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Why Russia Didn't Veto

Why did Russia abstain when UN Security Council Resolution 1973 came to a vote? Given Moscow's traditionally strong stance in favor of national sovereignty and territorial integrity, especially given the troubles Russia has faced in the North Caucasus, why did the Kremlin give the West the permission slip it has denied before (over Kosovo, Zimbabwe and Burma, among others)?

It is important to recall that "Russia does not have a singular foreign policy, but multiple foreign policies" Drawing an example from Russian history, to the 17th century proliferation of overlapping and competing government offices called prikazy, it is useful to think of Russian policy today resulting less from the autocratic will of the president (or the prime minister), and to consider instead a "prikaz model"--with policy emerging from the balancing of rival and competing interest groups.

Permitting the Libya resolution to pass through the UN Security Council, without a Russian veto, fit the interests of a number of different groups within the Russian foreign policy establishment. Certainly, for those partisans of the "reset" with the Obama administration, beginning with president Dmitry Medvedev, it was a low-cost way of showing Washington the benefits of continued cooperation with Russia--that the "reset" has not run out of gas following last year's passage of an Iran sanctions resolution and the ratification of the New START treaty. More importantly, however, permitting the resolution to pass was a favor done for French president Nicolas Sarkozy, who has, over the last several years, been developing a Franco-Russian partnership along the lines of the long-standing German-Russian partnership.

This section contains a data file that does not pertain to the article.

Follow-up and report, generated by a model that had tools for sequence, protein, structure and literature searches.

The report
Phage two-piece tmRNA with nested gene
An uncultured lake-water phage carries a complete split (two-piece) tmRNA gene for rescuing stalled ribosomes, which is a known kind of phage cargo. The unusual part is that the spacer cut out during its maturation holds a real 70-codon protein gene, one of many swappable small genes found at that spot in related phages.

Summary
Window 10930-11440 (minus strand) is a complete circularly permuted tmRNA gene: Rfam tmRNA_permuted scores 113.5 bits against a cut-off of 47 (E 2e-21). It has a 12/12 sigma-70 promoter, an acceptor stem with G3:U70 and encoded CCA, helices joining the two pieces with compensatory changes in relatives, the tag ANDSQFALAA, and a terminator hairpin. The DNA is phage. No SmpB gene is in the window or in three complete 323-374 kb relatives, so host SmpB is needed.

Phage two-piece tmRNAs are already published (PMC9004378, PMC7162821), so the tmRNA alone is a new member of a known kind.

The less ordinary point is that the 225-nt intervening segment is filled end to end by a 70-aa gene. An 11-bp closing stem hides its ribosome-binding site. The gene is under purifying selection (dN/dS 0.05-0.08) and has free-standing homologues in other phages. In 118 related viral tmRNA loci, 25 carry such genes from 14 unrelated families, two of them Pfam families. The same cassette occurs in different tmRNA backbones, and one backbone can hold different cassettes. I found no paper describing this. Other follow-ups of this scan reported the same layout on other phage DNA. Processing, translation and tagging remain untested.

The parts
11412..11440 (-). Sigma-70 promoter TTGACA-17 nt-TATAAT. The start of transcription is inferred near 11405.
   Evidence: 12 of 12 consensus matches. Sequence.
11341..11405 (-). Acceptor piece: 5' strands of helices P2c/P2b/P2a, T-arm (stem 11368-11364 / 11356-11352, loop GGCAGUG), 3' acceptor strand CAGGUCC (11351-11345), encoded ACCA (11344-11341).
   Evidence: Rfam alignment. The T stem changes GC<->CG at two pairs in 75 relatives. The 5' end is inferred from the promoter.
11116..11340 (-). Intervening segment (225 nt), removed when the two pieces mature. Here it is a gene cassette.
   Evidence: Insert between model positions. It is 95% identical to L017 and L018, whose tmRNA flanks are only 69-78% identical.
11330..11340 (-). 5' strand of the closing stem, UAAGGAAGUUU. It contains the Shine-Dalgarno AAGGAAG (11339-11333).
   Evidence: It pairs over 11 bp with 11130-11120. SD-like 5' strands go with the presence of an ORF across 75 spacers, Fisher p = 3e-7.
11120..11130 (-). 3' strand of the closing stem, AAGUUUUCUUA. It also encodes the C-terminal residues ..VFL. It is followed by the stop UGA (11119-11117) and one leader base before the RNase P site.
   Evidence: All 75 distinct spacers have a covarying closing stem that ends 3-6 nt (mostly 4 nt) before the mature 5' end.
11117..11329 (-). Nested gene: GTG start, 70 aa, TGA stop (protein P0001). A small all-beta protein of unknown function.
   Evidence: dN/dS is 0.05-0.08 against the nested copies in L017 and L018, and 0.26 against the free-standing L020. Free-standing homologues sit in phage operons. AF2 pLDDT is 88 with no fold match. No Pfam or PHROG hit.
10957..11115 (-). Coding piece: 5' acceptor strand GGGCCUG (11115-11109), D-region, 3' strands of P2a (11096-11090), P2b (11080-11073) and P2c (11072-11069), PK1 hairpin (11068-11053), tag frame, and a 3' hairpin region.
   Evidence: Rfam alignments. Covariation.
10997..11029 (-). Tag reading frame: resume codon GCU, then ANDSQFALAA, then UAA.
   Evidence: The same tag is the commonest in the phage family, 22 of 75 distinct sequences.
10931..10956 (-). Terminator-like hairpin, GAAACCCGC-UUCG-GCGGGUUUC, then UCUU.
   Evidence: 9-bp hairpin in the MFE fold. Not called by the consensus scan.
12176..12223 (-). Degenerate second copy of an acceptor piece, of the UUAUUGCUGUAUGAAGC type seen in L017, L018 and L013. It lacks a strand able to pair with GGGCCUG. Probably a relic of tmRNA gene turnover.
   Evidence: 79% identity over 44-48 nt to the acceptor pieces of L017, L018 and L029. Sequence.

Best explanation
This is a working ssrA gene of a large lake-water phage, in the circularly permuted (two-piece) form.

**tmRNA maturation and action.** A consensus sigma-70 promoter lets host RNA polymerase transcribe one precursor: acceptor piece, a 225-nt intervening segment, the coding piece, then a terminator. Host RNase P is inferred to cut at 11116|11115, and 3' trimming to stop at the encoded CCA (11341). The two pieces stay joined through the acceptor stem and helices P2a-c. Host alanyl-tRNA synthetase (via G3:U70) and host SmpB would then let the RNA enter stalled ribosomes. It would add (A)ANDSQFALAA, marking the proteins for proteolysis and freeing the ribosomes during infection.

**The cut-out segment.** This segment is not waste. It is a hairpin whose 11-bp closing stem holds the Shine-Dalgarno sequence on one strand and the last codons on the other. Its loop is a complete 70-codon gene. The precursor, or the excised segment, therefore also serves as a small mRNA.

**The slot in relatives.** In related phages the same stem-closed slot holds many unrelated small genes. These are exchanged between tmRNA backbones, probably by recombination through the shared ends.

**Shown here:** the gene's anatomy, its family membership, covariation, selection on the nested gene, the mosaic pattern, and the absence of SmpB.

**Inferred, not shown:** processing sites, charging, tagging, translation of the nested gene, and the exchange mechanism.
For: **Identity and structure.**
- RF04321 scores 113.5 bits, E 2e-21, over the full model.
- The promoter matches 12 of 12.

But while letting the resolution through appealed to the modernizing faction (the "pragmatic Westernizers") in the Kremlin, there were also tangible benefits for other groups as well, starting with the defense community. France's championing of the Libya mission is part of Paris's longer-term goal of revamping the focus of the NATO alliance, away from the east and towards the south, with the Mediterranean basin, not the Eurasian plains, the primary focus of the security organization. Even if Muammar Gaddafi goes quickly, the task of restoring stability in that country, as well as throughout North Africa, will take a great deal of time and engagement. Georgia, in that event, becomes far more distant and peripheral to the alliance.


And deputy prime minister Igor Sechin, who oversees the energy industry, must also be smiling. Instability in Libya reinforces the importance of Russia as a stable, reliable provider of energy to Europe. And instead of seeing the Russian government as the enemy, international oil companies, starting with BP and Exxon Mobil, are anxious to work with the Kremlin to access and develop more of Russia's hydrocarbon bounties--a trend that is likely to accelerate both in the wake of events in Libya and Japan's ongoing nuclear crisis.


And if events in Libya should go badly, and draw the Western powers into another nation-building enterprise in the greater Middle East, all the better. To the extent that the United States focuses more time and energy in this part of the world, there is far less incentive to play a more active role in the Eurasian space--this is one of the lessons that the Russians have drawn from the Iraq War.

Perhaps Gaddafi was expecting the Russians to extend the protection of their UN veto for old times sake. But the Colonel has spent the last number of years improving his relations with the West. Drawing the ire of the United States and France by blocking the UN resolution--especially since, given the 1999 Kosovo precedent of using a regional organization to authorize action was already in play, with the request made by the Arab League--would not have prevented action from taking place--and allowing the West to act could end up being very beneficial for Russian interests.

Russian foreign policy may be "schizophrenic"--to cite the complaint of U.S. Secretary of Defense Bob Gates last year--but when the interests of the different Kremlin groups align, action happens. We saw that in New York yesterday.

[As with all commentaries on this site, these thoughts represent personal opinions only.]


 
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